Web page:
These cross-sections were created with and without “bandwidth” (forward scanning and back scanning of the actual measures profile location at a defined distance). Users can extract the sections at any possible interval. These cross-sections depict distances from the selected shape (as defined by the created MTA clearance model) to the surrounding actual features as measured by the scanner. The cross-sections can be exported in a variety of formats, including Adobe PDF and Autodesk DXF.

The Amberg project was then processed for 3D deliverables, including point-cloud data in .PTS format, which is then converted to an .LAS format using third-party software. Scans performed using the Amberg TMS position method were processed with Amberg TMS Office, the same as the deliverables generated from Amberg Rail.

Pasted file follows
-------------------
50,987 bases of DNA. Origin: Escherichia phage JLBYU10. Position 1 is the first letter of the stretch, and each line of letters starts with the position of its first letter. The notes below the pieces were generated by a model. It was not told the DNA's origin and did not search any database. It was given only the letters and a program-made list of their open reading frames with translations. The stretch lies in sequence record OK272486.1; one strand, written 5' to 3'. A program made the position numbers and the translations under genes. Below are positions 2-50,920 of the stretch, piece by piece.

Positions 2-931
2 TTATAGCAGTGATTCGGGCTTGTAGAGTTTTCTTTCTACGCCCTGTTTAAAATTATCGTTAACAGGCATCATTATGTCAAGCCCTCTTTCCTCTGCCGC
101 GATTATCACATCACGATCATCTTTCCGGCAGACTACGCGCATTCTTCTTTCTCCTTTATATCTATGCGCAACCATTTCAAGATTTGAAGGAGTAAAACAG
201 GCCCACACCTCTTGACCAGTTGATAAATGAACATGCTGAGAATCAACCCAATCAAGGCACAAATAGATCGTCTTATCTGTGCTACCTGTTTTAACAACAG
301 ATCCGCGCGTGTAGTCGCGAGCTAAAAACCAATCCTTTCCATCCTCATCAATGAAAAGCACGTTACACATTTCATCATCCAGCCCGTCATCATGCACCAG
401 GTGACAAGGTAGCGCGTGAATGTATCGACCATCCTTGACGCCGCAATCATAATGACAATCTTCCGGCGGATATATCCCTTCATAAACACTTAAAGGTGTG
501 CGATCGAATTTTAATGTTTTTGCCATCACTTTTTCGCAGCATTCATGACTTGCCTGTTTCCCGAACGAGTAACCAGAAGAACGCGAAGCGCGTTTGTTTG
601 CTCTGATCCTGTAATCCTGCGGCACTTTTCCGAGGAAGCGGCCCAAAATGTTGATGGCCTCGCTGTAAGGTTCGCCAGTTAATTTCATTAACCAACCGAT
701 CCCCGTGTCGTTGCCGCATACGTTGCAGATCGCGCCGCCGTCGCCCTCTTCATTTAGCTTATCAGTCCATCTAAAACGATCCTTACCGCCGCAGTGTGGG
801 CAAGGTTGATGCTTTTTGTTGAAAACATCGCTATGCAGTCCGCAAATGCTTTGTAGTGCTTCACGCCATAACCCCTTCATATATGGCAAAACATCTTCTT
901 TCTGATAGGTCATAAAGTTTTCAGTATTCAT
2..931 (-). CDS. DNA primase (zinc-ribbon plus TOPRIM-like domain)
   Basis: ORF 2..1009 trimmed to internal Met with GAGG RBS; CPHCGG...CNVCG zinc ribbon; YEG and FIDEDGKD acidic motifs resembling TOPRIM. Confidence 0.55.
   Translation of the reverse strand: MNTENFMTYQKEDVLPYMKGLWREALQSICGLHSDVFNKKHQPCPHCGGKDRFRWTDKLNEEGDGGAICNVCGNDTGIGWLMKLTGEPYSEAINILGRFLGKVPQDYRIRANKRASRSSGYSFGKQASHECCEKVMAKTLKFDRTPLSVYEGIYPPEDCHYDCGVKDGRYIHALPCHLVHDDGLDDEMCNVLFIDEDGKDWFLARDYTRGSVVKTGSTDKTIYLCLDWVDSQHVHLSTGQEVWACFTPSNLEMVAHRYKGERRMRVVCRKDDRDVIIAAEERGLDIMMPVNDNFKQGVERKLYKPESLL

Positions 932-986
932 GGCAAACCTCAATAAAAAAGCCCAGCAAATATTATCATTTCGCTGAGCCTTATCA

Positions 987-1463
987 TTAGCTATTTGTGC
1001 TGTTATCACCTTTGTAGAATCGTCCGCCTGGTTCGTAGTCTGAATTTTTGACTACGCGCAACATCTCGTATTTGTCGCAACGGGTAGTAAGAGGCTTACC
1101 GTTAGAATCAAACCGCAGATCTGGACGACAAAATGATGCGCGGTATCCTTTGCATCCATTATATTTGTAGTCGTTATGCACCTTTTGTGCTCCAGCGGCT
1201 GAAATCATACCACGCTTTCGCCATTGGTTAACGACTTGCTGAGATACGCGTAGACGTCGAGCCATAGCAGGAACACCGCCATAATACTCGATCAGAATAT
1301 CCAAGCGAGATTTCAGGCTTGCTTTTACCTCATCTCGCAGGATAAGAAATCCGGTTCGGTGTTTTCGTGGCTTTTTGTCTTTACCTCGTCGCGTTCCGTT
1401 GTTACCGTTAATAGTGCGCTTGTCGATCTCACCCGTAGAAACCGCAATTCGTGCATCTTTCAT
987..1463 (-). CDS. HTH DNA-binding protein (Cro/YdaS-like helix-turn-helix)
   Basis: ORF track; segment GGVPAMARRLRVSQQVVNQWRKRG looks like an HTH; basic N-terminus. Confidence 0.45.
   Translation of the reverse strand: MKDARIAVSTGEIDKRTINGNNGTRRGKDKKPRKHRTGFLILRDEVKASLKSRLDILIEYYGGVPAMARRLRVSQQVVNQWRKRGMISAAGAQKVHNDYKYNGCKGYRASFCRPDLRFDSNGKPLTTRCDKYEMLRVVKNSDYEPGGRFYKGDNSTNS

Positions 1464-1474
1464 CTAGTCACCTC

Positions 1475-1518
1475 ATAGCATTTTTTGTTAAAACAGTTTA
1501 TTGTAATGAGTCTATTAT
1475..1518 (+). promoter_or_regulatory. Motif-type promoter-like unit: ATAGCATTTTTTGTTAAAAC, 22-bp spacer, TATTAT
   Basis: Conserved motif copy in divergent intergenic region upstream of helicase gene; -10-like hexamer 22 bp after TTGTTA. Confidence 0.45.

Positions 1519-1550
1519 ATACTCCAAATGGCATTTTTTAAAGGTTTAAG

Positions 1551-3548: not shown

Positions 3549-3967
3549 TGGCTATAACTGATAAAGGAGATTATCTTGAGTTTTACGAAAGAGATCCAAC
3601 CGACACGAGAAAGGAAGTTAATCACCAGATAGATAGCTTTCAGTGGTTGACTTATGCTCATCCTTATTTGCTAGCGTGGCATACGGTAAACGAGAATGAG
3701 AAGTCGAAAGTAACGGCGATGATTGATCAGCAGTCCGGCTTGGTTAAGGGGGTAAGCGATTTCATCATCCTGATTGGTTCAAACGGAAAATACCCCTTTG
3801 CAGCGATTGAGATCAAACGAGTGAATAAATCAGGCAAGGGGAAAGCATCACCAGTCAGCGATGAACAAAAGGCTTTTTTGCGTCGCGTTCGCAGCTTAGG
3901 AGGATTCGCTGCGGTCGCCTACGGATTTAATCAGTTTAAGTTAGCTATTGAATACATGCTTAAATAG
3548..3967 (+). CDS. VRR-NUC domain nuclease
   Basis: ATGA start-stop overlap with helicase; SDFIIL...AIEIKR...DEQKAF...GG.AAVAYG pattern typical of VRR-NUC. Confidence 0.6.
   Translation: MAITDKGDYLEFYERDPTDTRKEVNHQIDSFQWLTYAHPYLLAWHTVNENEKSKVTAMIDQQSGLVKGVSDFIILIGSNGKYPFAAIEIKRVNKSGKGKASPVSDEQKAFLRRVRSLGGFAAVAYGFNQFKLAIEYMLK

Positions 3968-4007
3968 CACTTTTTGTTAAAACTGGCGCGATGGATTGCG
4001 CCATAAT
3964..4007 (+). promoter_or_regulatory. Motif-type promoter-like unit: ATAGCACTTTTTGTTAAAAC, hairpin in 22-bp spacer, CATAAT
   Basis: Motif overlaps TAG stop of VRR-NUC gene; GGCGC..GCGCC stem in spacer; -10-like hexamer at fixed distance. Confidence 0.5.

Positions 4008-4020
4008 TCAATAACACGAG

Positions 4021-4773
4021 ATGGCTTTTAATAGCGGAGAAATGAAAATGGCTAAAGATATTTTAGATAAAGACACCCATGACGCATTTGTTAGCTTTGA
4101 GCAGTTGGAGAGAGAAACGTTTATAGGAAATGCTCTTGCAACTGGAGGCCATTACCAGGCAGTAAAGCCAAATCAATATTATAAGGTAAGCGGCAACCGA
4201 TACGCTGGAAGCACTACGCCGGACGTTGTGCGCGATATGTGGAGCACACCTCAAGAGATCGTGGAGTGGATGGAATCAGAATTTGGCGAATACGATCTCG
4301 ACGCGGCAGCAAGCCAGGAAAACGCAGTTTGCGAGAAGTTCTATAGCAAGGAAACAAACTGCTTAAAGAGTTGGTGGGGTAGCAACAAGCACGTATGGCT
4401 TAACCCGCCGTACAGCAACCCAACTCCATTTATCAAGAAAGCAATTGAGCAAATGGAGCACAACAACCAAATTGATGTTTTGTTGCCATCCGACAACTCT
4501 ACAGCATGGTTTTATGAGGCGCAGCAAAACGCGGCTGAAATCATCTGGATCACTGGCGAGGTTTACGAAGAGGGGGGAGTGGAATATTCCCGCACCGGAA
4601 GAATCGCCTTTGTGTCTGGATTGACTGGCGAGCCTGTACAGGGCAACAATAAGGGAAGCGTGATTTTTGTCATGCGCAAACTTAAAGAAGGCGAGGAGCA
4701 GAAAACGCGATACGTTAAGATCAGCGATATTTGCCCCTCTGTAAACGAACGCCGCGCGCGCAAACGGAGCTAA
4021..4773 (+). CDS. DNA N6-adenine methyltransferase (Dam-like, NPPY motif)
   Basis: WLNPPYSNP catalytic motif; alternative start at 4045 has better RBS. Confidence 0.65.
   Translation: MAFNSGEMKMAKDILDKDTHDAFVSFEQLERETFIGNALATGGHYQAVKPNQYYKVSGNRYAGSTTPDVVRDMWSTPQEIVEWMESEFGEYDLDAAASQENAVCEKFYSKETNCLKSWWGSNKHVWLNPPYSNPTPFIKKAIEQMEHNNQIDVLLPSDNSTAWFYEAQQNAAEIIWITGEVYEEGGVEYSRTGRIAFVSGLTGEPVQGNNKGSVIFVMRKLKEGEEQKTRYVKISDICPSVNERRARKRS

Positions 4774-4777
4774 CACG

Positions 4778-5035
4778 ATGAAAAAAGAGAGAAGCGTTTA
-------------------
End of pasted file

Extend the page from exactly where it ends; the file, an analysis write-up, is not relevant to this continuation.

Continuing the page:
“The Amberg Rail suite is a fantastic tool when it comes to processing accurate track data and performing clearance analysis,” says CJ Ruch, Maser Consulting’s project surveyor. “Raw data processing times can be quicker, but no other software can provide the end result like Amberg Rail can, in terms of providing track detail and dynamic clearance analysis. ... When there’s 12,000 feet of track and tunnel to process, that’s a lot cross-sections. Who’s got time for that? I know we don’t.”